If you've been keeping up to date with this blog, or doing any reading about crimes and criminal defense in the state of Maine, then you've probably encountered phrases like “Class D misdemeanor” or “Class A felony.” Most people are aware that there's a difference between a misdemeanor and a felony crime, and that a felony crime is a more serious criminal offense, and comes with more severe criminal penalties, like jail time and fines and probation. But what's this about a “Class” of crime?
Law makers are obsessed with making categories out of everything. They group controlled drugs into Schedules, categorize repeat offenders by how many times they've been convicted in the past, and sort many other types of crimes into voluntary or involuntary. There's a method behind the madness, however. By lumping things together based on the traits or facts that these things have in common, lawmakers can write statutes that target these particular traits or facts. By categorizing drugs into different Schedules, lawmakers can put the most dangerous drugs that have no particular medicinal value into one Schedule, and make it a more serious crime to deal with them.
The same applies to Maine's categorization of crimes into Classes. Crimes were traditionally classified into two categories: They were either felonies, or misdemeanors. Felonies were serious crimes that were punishable with a year or more in prison. Misdemeanors were less serious crimes that were punishable with less than a year behind bars. As more and more laws were written, though, it became clear that more categories were needed, as lawmakers wanted to be more precise. To meet this need, they came up with five Classes of crimes:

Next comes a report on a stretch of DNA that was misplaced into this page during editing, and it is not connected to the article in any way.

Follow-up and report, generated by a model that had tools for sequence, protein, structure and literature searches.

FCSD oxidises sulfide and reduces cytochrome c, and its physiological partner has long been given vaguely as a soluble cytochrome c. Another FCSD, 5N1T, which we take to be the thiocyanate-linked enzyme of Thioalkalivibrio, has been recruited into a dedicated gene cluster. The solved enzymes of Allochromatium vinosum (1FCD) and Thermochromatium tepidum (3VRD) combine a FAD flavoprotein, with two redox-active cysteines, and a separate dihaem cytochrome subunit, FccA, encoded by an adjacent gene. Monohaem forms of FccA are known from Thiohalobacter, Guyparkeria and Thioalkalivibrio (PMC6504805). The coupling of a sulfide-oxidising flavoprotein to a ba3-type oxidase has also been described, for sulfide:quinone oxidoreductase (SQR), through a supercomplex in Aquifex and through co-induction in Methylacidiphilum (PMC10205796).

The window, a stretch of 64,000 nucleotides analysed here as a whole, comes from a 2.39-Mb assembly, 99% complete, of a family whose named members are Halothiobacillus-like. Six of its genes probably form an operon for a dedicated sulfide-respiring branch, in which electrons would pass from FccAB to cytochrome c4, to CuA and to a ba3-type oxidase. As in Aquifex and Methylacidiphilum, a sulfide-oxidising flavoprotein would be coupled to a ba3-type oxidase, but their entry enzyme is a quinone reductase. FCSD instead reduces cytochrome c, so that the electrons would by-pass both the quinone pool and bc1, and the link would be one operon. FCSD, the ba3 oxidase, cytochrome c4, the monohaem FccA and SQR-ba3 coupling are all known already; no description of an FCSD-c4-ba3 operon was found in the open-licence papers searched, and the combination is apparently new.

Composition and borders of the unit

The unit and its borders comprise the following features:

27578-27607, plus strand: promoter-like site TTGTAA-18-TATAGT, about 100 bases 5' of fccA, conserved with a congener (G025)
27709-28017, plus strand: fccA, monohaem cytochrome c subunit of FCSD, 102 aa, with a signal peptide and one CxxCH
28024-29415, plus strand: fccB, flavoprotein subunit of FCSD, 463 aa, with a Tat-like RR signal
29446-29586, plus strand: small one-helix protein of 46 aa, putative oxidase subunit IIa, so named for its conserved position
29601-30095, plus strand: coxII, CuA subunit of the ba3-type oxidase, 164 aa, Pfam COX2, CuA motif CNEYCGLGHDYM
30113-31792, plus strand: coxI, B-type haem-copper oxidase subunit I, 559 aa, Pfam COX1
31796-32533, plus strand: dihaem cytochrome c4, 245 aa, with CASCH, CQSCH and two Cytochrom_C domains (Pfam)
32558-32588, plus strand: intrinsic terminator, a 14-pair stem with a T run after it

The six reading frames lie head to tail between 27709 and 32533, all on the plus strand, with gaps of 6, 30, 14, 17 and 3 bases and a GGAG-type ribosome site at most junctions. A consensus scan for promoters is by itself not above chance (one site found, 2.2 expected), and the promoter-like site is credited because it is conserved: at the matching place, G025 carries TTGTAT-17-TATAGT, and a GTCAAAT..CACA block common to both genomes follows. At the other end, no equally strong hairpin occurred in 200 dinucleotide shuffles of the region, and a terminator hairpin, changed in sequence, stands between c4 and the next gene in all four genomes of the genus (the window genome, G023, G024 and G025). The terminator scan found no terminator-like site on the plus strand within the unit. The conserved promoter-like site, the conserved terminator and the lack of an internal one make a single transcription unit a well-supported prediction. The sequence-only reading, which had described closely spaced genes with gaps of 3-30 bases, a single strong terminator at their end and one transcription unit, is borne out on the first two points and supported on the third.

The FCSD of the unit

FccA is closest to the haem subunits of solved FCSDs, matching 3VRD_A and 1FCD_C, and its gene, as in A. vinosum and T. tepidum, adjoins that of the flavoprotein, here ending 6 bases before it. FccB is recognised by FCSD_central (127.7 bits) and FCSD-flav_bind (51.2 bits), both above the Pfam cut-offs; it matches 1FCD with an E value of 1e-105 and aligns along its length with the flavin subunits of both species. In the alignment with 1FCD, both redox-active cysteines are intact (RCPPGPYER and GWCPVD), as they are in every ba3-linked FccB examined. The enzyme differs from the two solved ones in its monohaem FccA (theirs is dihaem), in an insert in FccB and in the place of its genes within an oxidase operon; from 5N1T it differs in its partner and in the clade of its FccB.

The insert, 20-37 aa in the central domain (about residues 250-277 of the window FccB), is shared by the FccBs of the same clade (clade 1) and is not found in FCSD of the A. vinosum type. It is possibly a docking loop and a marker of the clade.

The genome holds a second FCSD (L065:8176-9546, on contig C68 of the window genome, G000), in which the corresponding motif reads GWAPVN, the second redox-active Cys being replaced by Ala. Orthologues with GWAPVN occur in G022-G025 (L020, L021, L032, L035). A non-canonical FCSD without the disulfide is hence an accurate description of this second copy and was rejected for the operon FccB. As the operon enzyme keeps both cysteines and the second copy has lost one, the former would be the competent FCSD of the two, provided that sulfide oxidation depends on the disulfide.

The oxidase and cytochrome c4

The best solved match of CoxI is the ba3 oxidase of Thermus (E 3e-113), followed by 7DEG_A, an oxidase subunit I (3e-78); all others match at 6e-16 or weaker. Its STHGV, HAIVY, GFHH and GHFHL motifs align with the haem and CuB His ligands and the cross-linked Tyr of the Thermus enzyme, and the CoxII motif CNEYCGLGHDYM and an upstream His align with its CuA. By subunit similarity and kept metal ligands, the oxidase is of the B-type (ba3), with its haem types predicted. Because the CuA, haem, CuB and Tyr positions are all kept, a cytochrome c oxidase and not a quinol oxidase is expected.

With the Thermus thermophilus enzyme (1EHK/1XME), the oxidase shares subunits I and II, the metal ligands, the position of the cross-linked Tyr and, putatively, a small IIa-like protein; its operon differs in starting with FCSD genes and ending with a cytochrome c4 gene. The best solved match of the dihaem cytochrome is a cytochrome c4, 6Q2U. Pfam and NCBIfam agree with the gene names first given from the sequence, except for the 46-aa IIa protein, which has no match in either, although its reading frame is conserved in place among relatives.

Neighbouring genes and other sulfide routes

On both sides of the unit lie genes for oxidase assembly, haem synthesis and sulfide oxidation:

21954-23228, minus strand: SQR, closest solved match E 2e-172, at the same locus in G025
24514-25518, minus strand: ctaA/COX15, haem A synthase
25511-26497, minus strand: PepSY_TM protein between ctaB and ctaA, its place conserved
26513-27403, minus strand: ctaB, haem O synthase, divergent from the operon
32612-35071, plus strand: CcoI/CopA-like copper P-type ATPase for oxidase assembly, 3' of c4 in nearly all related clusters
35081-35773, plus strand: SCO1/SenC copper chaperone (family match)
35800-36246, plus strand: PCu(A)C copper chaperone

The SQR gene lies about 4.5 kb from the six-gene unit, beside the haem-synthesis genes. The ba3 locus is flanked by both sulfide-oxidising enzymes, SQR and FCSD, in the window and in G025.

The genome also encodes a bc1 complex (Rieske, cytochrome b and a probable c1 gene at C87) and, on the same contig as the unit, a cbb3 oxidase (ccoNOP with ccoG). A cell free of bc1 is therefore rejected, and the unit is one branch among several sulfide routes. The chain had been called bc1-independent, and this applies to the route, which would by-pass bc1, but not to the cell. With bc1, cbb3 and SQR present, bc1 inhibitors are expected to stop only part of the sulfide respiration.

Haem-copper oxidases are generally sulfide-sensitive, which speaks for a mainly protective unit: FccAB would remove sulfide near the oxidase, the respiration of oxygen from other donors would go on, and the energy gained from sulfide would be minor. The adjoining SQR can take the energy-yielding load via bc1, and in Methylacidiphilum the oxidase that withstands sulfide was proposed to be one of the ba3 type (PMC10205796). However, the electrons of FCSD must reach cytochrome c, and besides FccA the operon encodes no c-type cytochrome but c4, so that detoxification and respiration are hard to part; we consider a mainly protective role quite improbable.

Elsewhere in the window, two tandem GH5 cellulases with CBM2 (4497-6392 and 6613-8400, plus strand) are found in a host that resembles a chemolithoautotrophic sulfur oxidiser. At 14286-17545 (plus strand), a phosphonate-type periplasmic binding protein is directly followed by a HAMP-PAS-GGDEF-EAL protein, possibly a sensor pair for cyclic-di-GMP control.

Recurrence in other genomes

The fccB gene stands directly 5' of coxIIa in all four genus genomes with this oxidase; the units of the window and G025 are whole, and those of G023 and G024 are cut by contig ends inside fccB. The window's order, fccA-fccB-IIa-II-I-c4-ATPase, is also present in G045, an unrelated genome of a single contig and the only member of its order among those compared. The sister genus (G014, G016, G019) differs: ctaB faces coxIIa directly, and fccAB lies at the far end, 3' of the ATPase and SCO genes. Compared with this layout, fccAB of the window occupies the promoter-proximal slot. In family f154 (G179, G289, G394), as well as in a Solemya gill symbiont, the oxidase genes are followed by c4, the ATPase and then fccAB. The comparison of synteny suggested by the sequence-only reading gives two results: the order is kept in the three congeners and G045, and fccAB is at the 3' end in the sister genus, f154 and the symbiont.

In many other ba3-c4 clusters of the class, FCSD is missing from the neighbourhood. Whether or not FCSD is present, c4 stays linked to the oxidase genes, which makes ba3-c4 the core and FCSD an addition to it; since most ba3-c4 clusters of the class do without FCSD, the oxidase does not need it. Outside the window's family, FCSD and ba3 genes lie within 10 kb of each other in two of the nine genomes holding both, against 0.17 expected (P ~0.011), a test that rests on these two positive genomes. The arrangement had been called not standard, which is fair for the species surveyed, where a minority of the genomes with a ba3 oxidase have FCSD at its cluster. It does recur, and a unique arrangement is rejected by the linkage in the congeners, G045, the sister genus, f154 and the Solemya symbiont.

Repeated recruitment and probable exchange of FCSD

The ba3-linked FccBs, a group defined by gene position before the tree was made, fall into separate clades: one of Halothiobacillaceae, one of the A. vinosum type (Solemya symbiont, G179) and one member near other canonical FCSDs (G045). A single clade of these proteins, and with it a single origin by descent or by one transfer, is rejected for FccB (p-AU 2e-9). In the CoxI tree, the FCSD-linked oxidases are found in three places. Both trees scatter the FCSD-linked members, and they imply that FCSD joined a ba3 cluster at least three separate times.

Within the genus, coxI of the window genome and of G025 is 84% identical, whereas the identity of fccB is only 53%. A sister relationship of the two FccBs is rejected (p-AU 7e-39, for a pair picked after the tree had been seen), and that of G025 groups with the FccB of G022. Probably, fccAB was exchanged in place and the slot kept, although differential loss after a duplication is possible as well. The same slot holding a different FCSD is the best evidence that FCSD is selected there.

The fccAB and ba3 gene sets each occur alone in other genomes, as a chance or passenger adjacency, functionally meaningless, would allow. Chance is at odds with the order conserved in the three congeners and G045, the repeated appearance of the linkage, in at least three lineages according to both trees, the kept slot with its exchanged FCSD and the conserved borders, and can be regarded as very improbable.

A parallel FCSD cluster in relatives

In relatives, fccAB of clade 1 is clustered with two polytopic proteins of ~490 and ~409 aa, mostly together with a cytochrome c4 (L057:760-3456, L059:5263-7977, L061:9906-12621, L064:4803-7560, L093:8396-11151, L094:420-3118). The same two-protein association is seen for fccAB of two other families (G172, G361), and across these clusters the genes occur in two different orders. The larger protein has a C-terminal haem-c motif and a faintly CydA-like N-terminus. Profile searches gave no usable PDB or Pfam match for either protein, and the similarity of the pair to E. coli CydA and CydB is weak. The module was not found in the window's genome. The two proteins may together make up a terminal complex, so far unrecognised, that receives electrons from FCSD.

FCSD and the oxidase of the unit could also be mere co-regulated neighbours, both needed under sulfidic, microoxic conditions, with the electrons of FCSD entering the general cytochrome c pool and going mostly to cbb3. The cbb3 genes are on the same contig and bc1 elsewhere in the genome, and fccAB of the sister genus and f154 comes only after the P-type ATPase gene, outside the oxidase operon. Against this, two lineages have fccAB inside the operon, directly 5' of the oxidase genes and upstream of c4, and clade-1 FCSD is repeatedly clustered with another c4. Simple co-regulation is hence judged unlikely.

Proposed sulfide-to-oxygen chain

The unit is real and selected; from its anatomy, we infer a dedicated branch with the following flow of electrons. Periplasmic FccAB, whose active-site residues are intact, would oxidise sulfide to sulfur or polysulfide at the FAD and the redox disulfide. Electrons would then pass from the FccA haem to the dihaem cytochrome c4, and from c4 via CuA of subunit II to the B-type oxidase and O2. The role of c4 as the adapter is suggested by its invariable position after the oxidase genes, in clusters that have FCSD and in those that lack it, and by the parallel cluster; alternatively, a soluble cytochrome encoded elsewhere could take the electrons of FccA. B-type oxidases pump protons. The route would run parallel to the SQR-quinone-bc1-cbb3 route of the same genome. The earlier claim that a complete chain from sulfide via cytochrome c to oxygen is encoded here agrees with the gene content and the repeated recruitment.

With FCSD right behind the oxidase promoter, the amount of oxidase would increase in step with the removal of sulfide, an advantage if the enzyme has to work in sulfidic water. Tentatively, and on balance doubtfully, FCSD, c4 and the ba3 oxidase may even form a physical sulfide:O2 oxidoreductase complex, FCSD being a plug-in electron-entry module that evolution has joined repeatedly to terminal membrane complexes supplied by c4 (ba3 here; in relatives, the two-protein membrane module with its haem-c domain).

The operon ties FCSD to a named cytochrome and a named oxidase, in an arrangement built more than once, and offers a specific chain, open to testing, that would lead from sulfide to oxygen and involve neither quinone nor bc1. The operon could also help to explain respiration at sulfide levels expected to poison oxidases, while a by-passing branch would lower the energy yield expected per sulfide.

- Class E – punishable by up to 6 months in prison, and a $1,000 fine,
- Class D – punishable by up to 364 days in prison, and a $2,000 fine,
- Class C – punishable by up to 5 years in prison, and a $5,000 fine,
- Class B – punishable by up to 10 years in prison, and a $20,000 fine,
- Class A – punishable by up to 30 years in prison, and a $50,000 fine.
As you can tell from the listing and the possible penalties, Class A has the worst types of crimes in the state of Maine, while Class E has the least serious crimes. Additionally, you can see that Classes D and E are what used to be misdemeanors in Maine – you can tell because Class D allows for the maximum amount of jail time before hitting one year, which would turn a misdemeanor type crime into a felony type crime. Classes A, B, and C are what used to be felonies.
You will also notice that the Class of crime determines the maximum sentence that you can receive. Many criminal statutes in Maine also specifically state the minimum sentence that you can receive for violating the statute. Using these as extremes, you can determine the range of sentences that you could receive for committing that particular type of crime, if convicted.
Understanding the possible repercussions that you could face, should you be convicted for a crime, is only the first thing that you should know if you're facing charges. Call an experienced criminal defense attorney, like William T. Bly, to protect you liberty: (207) 571-8146.